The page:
In the new dual-role model, staffing is being shifted so that each fire engine will carry one firefighter-medic and three firefighter-EMTs, and each ambulance will carry one firefighter-medic and one firefighter-EMT.  The new system will also place ALS providers in all 10 fire-EMS stations, whereas only six stations have ALS providers today.  The first dual-role fire engine (carrying one firefighter-medic and three firefighter-EMTs on all three shifts) has already entered service at Station 207 on Duke Street.  So far, 38 firefighter-EMTs and medics (approximately 17% of providers) have started or completed the process of cross-training.

Under the old system, many fire units only carried a crew of three, and there were insufficient positions to staff a dedicated heavy rescue unit.  Under the new system, every fire engine and truck will have a full crew of four, and there will be staffing for a dedicated heavy rescue unit for special operations such as technical rescue, vehicle extrication, and hazardous materials support.  This means safer working conditions for first responders and better support for all types of emergencies.  These improvements do not require adding any new positions, which will save nearly $3 million per year versus adding a fourth firefighter to each fire unit by hiring new personnel.

The new system also provides benefits for firefighter-EMTs and medics who choose to obtain the other certification, including increased promotional opportunities, raises of 10% to 20%, and higher levels of disability and retirement benefits.  Those who choose not to cross-train may remain in their old roles for as long as they wish, and will not risk losing employment. As they retire or choose employment elsewhere, they will be replaced with cross-trained staff.

All personnel are required to follow the same national, state, and local protocols applicable to their certifications and the emergencies to which they’re responding, regardless of how long they’ve worked for the Fire Department or what their job titles are.   All personnel hired since 2010 (whether male or female, and whether firefighter-EMT, medic, or firefighter-medic) have passed the same Candidate Physical Assessment Test (CPAT), and those hired before 2010 are not required to take the CPAT to cross-train.  There is no difference in hiring or promotional standards between men and women.  Prior to the transition, 14% of firefighter-EMTs and 30% of medics were women (versus national averages of 4% for firefighters and 29% for EMTs and medics). So far, 35% of the firefighter/EMTs and 8% of the medics who have chosen to cross-train are women.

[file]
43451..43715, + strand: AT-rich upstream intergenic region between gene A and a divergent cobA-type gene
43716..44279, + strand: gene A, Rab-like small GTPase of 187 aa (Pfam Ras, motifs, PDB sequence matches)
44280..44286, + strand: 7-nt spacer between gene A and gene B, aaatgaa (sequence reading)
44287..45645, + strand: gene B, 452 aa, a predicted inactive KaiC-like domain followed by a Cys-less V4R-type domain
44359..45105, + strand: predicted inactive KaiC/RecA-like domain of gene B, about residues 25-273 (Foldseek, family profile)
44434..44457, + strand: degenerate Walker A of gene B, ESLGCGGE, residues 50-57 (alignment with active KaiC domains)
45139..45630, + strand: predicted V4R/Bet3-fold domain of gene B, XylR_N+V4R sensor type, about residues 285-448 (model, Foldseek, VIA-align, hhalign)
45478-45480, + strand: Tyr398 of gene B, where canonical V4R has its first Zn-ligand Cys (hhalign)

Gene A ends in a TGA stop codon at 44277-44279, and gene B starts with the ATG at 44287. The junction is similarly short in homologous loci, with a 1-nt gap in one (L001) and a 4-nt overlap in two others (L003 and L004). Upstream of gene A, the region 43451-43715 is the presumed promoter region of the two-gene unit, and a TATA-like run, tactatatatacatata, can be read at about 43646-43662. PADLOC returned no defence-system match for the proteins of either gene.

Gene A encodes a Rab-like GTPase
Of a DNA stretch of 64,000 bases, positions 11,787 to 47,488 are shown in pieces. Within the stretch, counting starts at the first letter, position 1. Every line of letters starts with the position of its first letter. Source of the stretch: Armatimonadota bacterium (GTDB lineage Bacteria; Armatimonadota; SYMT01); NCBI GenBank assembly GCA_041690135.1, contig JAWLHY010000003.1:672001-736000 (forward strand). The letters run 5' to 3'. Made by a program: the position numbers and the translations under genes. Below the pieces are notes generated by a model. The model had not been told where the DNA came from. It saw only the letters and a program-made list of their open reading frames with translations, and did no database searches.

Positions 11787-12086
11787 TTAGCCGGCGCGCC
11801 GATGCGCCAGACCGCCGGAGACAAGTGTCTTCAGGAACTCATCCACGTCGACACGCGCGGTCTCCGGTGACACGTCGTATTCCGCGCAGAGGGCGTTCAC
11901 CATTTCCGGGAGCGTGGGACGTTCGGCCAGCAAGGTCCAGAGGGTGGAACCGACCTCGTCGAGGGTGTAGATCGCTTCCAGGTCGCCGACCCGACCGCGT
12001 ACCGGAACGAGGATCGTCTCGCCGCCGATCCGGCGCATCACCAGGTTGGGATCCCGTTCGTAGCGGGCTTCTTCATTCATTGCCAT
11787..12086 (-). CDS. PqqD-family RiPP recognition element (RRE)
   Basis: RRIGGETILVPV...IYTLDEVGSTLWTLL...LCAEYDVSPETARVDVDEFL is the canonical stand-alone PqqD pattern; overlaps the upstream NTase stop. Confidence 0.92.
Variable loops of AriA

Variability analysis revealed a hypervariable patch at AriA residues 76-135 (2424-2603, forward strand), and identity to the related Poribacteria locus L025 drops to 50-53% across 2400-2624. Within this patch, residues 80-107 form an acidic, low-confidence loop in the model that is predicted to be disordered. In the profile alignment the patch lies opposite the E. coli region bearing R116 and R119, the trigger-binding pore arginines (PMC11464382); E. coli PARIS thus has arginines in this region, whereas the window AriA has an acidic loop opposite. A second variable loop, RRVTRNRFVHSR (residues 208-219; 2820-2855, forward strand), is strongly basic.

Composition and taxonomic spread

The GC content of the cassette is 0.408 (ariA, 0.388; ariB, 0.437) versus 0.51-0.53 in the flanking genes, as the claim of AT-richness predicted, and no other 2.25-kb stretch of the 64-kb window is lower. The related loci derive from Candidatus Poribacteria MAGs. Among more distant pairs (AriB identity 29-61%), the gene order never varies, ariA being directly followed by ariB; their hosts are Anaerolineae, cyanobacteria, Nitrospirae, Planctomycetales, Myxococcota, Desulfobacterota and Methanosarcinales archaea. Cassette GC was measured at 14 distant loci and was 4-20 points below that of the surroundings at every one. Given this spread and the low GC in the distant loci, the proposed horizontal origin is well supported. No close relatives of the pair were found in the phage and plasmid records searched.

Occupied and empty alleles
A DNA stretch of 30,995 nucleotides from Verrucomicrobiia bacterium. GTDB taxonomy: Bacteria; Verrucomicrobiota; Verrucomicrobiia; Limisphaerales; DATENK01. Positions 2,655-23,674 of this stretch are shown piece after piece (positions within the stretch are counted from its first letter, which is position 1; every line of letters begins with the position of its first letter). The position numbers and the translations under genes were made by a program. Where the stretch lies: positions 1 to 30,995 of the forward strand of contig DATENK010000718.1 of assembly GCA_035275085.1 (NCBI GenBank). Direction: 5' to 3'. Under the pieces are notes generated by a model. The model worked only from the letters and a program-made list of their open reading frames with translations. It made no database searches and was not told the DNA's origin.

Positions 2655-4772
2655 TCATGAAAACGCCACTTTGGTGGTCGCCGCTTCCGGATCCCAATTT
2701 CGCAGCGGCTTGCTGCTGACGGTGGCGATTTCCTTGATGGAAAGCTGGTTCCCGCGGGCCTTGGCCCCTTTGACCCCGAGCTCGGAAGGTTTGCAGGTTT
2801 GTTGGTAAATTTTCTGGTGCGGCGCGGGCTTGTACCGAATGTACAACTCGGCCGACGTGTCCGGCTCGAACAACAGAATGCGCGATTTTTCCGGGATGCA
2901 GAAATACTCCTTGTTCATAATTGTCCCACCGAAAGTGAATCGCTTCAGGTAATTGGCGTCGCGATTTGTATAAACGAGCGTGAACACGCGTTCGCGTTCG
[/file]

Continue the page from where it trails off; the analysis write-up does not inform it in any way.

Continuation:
For more information, including frequently asked questions and an infographic that explains the new model, visit this link.

(Photo by Mick, on Flickr)

09/02/15 2:08pm

Ketchung

Ketchung! LLC, a startup specialty sauce company based in Alexandria, Virginia, launched a successful Kickstarter campaign earlier this year to help produce its first batch of Ketchung! sauces.

Located outside of Old Town, Ketchung! plans to sell their products initially online and then expand to local grocery stores. In addition to the original spicy ketchup flavor, Ketchung!, LLC will be producing a BBQ flavor as well.

Their website for the Ketchung! sauces is now LIVE and I bought a bottle of the BBQ sauce. As a connoisseur of anything BBQ, I am so excited about this.